You remember Joseph had two sons in Egypt. He named one of them Ephraim. The name Ephraim means "fruitful in affliction." It means "fruitful." Joseph named him that because it was in his affliction that God brought him fruit.
God has ordained us to bring forth fruit and part of the bringing forth of fruit is that the pruning must take place. There will be those times when God is going to need to cut away. If they have not come yet, they will come. The interesting thing about pruning, which I discovered in reading, is that the older a plant gets the greater the need for pruning. As we grow, age, and mature, we start to see these things. Now I can see more clearly why the Lord does that cutting back. Do not be afraid of that. When it happens realize that God has a good plan here. He is only cutting back to bring forth more fruit.
When I was living in Oceanside we had two plants in our front yard that my wife always called potato plants. I do not know why because there were no potatoes on them. I guess that is the name of it. They were really pretty plants--bushes or shrubs with a long stem and this green bushy thing. It had these nice lavender flowers on it. One of them was always lush with a lot of flowers and the other one you could see more twigs. There was not much greenery on it and there were very few little lavender flowers. I would always look at it and wonder: "Why is this one flourishing and this one is not? They are only about six feet apart from each other. They are right in the same soil."
But then I got to thinking about John 15. I thought, "Well, maybe pruning is what needs to occur here." So I got out my little snips and cut that thing back. I cut it so far back that when I looked at it afterward I thought: "Oh no, I killed it. This thing has certainly got to be dead now." It was pretty much just a stem that was left. My wife came out and said, "What did you do to this bush?" I said, "Honey, this is pruning, don't you know? This is going to bear more fruit." I did not know what I was talking about; I was just pretending like I did. Believe it or not, a few months later that thing started to grow back and it was just like the other one. It was green instead of brown. There were lots of these nice little lavender blossoms on it. I was shocked! That was an illustration right there of what Jesus was talking about.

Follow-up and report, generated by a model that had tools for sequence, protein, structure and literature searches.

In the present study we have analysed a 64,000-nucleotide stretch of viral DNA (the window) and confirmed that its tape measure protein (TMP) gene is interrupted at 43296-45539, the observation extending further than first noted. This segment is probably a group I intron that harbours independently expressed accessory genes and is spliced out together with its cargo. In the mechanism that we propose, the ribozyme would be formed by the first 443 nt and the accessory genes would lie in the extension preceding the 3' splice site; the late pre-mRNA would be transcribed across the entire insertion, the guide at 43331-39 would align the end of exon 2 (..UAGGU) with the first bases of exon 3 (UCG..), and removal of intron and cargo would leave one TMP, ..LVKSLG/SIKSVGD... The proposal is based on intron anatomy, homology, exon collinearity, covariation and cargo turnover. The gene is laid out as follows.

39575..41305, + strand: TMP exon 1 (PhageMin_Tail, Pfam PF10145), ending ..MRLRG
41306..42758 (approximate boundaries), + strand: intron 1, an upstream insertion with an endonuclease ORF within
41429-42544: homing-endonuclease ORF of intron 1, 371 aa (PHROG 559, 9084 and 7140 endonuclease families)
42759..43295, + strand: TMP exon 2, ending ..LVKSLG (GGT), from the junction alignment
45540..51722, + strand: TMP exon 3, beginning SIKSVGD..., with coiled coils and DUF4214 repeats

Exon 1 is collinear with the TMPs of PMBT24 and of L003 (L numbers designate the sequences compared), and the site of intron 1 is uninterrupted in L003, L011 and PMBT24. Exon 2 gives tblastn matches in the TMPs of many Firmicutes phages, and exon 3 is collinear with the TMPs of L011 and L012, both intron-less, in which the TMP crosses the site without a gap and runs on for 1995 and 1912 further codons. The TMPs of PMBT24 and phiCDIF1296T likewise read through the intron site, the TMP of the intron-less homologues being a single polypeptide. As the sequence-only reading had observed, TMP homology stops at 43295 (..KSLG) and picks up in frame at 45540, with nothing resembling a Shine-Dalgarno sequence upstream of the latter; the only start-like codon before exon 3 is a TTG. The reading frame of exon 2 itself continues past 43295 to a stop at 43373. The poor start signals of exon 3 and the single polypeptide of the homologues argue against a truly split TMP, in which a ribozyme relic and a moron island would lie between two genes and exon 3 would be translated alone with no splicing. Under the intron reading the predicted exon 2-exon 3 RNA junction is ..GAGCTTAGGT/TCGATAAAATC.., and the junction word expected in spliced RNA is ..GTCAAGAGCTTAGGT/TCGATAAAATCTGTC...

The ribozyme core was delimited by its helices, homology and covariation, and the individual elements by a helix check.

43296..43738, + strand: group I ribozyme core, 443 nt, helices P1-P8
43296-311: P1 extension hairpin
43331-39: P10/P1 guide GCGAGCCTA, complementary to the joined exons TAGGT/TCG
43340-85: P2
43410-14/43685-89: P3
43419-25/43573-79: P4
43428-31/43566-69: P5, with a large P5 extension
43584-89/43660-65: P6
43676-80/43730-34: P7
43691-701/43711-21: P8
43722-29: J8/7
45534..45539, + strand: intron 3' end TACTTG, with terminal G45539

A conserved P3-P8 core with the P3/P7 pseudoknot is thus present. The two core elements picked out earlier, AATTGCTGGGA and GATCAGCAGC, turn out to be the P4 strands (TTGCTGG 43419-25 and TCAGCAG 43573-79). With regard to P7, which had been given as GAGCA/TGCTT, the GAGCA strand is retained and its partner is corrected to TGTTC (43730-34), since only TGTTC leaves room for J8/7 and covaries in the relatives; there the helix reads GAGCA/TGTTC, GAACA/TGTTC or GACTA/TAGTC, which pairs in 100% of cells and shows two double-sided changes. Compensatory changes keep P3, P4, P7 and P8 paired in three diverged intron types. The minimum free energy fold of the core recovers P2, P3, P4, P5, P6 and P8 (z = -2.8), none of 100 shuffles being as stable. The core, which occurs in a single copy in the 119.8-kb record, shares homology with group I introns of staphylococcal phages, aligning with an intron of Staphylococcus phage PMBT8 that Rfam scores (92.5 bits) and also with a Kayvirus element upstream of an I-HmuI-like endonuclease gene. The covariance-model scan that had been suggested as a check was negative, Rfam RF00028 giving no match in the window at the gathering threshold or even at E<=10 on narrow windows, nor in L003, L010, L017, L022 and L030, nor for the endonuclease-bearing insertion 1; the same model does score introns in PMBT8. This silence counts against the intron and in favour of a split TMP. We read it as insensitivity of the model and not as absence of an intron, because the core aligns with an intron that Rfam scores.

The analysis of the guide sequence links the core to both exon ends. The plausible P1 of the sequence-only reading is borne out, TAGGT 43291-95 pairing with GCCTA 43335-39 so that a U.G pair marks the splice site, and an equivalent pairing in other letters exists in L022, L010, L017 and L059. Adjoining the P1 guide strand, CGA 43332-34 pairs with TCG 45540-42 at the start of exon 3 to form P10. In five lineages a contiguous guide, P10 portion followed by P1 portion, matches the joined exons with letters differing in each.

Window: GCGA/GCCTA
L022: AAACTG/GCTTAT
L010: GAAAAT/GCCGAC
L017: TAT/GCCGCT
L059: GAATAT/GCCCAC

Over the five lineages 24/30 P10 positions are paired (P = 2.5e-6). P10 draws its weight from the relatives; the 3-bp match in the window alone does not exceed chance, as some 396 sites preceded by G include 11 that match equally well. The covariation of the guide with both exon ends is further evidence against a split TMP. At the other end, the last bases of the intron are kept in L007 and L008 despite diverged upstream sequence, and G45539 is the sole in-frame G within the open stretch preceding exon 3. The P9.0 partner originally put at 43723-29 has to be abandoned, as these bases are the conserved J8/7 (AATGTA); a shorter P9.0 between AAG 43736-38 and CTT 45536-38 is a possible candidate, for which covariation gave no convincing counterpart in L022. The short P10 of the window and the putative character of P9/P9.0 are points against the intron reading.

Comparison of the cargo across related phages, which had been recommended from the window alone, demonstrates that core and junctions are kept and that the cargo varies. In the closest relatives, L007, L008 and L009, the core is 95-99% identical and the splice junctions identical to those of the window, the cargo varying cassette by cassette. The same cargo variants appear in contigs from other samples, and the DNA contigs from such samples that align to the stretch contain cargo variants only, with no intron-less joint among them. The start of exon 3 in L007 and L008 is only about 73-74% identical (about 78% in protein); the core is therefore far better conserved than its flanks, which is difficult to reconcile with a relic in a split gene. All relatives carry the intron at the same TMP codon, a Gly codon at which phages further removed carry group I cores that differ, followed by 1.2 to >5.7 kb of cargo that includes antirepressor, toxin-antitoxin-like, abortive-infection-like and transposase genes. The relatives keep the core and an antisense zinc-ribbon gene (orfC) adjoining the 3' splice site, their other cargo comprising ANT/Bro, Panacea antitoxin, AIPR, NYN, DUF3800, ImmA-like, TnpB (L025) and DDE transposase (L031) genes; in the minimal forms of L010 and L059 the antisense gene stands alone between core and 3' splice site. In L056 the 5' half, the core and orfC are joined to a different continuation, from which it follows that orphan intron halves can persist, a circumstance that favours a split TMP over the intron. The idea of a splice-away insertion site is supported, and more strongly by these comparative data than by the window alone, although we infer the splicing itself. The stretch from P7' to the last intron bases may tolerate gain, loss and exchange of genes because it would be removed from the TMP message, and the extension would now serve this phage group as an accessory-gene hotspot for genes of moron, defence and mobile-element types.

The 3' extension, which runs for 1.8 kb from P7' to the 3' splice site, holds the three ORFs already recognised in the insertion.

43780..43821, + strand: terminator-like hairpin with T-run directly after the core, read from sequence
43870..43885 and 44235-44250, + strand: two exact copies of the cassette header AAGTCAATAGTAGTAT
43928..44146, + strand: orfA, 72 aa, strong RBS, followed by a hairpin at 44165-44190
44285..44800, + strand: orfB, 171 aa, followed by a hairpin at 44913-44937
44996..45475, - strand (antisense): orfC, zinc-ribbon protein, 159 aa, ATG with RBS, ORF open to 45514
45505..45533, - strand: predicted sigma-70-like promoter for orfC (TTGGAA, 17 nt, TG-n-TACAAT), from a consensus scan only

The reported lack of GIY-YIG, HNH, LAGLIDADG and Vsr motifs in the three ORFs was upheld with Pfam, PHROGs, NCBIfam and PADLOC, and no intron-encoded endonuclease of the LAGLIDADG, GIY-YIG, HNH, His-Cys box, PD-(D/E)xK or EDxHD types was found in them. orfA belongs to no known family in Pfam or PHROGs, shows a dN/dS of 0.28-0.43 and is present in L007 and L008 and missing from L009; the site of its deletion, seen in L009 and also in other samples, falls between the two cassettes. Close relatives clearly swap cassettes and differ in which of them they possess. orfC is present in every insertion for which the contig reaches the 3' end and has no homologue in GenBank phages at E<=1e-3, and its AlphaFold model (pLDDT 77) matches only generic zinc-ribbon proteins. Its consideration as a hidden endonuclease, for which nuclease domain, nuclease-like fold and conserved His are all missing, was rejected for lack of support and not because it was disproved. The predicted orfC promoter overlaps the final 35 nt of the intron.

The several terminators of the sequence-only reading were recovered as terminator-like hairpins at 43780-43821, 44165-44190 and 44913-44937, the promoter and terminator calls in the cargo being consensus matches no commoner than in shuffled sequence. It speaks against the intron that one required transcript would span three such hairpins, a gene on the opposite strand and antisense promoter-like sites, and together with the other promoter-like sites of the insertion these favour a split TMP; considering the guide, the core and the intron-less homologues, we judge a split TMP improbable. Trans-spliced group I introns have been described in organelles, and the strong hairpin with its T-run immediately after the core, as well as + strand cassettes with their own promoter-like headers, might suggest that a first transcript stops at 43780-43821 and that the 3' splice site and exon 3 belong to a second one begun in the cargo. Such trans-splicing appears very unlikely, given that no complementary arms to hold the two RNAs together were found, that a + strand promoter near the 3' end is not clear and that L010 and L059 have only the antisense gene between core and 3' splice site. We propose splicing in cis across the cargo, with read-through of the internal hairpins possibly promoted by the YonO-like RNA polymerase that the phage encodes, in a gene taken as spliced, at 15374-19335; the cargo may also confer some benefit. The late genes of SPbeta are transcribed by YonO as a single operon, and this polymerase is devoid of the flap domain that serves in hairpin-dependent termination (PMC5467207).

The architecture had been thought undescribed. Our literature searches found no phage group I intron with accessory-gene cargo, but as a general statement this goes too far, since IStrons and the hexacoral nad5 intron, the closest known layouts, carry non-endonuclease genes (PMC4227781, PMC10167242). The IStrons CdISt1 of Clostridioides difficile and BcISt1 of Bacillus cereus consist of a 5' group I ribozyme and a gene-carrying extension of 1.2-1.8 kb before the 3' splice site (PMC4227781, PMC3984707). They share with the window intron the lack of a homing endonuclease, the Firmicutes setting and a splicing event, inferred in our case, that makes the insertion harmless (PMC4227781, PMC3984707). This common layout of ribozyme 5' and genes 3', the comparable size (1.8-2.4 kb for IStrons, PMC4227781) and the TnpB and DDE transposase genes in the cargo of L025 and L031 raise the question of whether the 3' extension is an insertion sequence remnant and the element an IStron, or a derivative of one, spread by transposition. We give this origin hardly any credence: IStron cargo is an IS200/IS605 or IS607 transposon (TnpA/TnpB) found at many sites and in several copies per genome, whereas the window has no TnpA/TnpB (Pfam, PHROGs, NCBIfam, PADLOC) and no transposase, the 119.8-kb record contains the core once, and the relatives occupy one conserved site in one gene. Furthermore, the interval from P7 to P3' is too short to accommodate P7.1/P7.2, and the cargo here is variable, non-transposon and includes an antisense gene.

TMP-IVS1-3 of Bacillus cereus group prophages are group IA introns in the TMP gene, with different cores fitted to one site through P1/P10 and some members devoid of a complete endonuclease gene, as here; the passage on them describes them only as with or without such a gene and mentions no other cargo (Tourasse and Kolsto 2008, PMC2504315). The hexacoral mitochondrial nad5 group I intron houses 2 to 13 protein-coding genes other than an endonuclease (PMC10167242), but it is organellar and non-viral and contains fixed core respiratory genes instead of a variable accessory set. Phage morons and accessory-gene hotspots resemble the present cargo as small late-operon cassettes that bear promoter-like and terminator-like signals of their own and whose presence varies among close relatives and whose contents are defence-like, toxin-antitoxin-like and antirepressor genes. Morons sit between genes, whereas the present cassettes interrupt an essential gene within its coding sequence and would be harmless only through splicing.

Not only does it occur in our lives personally, it occurs in ministry as well. And remember this--and I think this is important in relation to ministry and church life--the older the plant is the greater the necessity of pruning. As our churches age and grow there are times when we actually need to cut back. It is always a painful process. Whenever you even start to move in that direction, people start screaming. "No, we do not want to do that."
I think of my own experience at Costa Mesa. I just want to use this one little illustration. Calvary Chapel Costa Mesa is this great tree. Here is this fruitful vine that God has just blessed, multiplied, and increased. There is this beautiful plant, but it is older. It is aged. As I am coming back and beginning to get involved in the ministry, I am seeing that there are ministries that have been going on for years and years and years. They are no longer really bearing fruit but the same people are in the same place doing the same things. Maybe fifteen years ago there was vigor. There was life. There was an abundance of fruit, but now time has passed.
There is one particular ministry that I can think of right off hand. The guy had been involved for eighteen years and now there were just a couple of people involved. In that particular area, it was obvious to me that God wanted to do something fresh and new. The moment you get out the shears and start to prune, right away you hear: "Oh no! What are you doing? You cannot do this." There is opposition and people think, "You are trying to destroy my life!"
As God is leading, you realize that is not what is happening. You see, what was happening is those people had stopped bearing fruit. They were no longer in that place of vital dependence on the Lord. They were no longer trusting God for new and exciting things. Now it was time for God to put them in a position once again where they had an opportunity to trust Him. They could not see it that way. They saw it as, "You are just kicking me out of here. You are mean and cruel and we do not like you." But you go with what you sense God is leading you to do, and then you step back, watch, and see. Look what the Lord does. That ministry then begins to blossom again as new leadership comes in. It begins to flourish again. That person who was kicking, screaming, and telling you how horrible you were, when you see them a few months down the road they say, "Man, the Lord is so good. I needed to get out of there. Thanks for kicking me out." You say, "I wish you would have told me that when I was kicking you out. You told me you hated my guts and wanted to..." And of course that happens so often because we have a tendency to not trust God.